Richard Dawkins' highly critical documentary attacks the pulsing heart of all mainstream religion- faith; with special focus on Islam, Judaism, and Christianity. Contains repeated ... See full summary »
Stand-up comedian Rodney Carrington would like to take you to the middle of real, everyday America. In the tradition of "Home Improvement" and "Roseanne" comes a down-to-earth guy's guy who... See full summary »
An astronaut named Gary and his planet-destroying sidekick called Mooncake embark on serialized journeys through space in order to unlock the mystery of where the universe actually ends and if it actually does exist.
The human government develops a cure for mutations, and Jean Gray becomes a darker uncontrollable persona called the Phoenix who allies with Magneto, causing escalation into an all-out battle for the X-Men.
Jack Hall, paleoclimatologist, must make a daring trek from Washington, D.C. to New York City to reach his son, trapped in the cross-hairs of a sudden international storm which plunges the planet into a new Ice Age.
This show takes place in a faux courtroom setting as two comedians argue their case before a judge (Lewis Black) over which of two different (usually fairly unrelated) societal ills is more evil.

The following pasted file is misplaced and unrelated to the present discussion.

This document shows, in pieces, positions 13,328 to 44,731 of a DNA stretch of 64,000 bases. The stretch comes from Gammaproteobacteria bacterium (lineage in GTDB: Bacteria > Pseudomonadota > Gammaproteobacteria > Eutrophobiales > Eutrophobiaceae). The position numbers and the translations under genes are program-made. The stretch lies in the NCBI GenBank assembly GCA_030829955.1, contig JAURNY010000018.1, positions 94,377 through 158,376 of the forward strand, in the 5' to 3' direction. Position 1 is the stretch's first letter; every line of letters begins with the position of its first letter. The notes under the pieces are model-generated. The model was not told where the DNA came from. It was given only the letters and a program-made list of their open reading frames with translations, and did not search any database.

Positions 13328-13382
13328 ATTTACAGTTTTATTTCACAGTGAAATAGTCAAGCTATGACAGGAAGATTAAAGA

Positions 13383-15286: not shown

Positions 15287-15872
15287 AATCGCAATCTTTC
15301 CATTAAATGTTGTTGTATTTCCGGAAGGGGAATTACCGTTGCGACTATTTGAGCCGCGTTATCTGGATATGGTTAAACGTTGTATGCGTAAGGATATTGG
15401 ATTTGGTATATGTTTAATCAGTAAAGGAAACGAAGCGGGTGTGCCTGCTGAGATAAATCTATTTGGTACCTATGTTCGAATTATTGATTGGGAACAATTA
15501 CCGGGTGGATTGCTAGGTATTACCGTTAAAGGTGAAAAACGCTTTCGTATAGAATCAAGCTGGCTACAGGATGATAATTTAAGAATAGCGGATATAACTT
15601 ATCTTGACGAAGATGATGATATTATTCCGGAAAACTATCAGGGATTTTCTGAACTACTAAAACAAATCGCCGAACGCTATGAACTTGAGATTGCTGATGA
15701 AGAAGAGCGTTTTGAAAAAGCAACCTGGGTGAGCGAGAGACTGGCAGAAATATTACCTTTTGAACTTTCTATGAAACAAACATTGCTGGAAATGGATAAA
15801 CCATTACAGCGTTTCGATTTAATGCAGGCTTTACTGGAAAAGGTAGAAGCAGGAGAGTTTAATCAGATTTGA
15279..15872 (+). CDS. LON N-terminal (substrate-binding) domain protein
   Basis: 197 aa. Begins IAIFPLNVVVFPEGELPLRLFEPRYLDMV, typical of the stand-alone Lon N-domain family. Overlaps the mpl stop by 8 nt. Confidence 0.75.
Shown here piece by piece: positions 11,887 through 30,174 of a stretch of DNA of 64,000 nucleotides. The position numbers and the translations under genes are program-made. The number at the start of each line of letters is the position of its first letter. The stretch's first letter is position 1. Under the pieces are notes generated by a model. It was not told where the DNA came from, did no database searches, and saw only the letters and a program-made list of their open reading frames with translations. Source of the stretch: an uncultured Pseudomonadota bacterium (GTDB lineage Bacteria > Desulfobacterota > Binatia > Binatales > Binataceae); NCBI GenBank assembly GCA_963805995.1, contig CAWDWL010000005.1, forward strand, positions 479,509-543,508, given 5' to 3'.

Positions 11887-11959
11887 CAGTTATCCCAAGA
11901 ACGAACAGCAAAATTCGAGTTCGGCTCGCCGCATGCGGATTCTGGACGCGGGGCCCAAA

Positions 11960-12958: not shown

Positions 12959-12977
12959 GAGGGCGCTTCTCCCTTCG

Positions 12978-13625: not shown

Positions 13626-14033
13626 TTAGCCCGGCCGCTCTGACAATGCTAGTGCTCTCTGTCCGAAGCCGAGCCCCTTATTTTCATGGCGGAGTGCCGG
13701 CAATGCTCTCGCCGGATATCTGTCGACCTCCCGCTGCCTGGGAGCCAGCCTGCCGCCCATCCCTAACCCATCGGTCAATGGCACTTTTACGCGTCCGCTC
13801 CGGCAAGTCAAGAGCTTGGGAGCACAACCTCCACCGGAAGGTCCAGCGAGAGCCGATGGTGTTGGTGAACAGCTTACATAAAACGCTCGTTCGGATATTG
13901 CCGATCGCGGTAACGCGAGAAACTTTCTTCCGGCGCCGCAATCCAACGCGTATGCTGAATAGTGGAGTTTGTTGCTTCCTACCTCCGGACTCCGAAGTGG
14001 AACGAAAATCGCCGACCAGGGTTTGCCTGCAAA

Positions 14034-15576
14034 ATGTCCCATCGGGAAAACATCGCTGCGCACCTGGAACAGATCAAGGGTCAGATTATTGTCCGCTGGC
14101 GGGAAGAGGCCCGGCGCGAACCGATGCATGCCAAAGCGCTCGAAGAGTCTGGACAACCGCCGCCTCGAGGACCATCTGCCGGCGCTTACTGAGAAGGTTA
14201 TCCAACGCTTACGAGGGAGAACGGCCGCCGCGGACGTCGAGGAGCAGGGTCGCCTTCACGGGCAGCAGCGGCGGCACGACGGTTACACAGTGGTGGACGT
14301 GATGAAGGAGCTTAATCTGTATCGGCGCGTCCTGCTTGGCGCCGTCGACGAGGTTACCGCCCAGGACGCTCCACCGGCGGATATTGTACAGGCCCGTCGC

It's a novel idea that might not have legs to last several seasons, but good enough to allow those talented under-the-radar humorists like Andrew Daly, Patton Oswalt, Greg Giraldo, Andy Kindler and Paul F Tompkins to riff on various topics in what sort of plays as a comedic sport. Lewis Black could stand to play a larger role in the show. Every comic has their own unique style and everyone has their own preferences. I get a kick out of Tomkins and Daly who take themselves as seriously as lawyers because they're suddenly dressed in suits. You can also never get enough of the debate over which is worse: Beer or Weed, American Idol or High School, Donald Trump vs Tila Tequila, etc.
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